Joseph Martin’s vow to make a citizen’s arrest Tuesday night on the members of the Baker City Council was political theater.

But Martin’s stunt, which didn’t result in any actual arrests, reflects the real, and legitimate, anger of many city residents over the Council’s approval of a monthly public safety fee.

The fee, which will be charged starting July 1, is $3 per residence and $6 per business. It will raise an estimated $183,000 per year and help the city avoid layoffs in the police and fire departments.

We’re glad the layoffs won’t be necessary.

But the fact remains that the main reason Baker City residents and business owners have to extricate City Hall from its budget morass is a pair of poor decisions the City Council made last spring, at the recommendation of city officials.

We’ve reported extensively on both of those mistakes — budgeting revenue from a property sale that didn’t happen, and expecting that hiring a private firm to handle ambulance billing to significantly boost the city’s revenue. In fact, the opposite has happened.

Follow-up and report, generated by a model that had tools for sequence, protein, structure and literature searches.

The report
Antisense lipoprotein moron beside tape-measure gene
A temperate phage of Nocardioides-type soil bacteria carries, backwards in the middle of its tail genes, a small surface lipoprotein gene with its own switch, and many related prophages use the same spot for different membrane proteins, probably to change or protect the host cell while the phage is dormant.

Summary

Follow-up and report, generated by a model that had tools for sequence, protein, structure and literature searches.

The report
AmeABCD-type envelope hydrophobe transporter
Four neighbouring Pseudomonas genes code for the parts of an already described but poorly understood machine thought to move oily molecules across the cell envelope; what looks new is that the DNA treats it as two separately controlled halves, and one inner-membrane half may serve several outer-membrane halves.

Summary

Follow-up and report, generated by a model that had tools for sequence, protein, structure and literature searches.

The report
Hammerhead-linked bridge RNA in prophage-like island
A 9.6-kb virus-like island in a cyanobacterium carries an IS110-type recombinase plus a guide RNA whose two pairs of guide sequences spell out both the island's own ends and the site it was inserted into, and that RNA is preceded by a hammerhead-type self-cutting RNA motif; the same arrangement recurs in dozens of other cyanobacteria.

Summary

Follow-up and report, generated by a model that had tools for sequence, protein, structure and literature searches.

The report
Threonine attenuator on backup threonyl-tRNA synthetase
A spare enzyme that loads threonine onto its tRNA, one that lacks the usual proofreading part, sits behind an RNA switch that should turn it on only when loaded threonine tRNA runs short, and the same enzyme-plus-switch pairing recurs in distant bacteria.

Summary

But though we’re disappointed that the City Council imposed the public safety fee — largely because of its regressive nature, which puts a much greater burden on residents least able to afford it — we were encouraged by comments from some councilors during Tuesday’s meeting.

Loran Joseph said his goal is to have the city in a financial position next spring that it can cancel the public safety fee, making it a one-year imposition.

Adam Nilsson said the city must strive to ensure the fee is temporary.

We’ll closely follow the city’s progress. And we’re certain that many of the people writing bigger checks starting July 1 will be watching, too.

From the Baker City Herald editorial board. The board consists of publisher Kari Borgen, editor Jayson Jacoby and reporter

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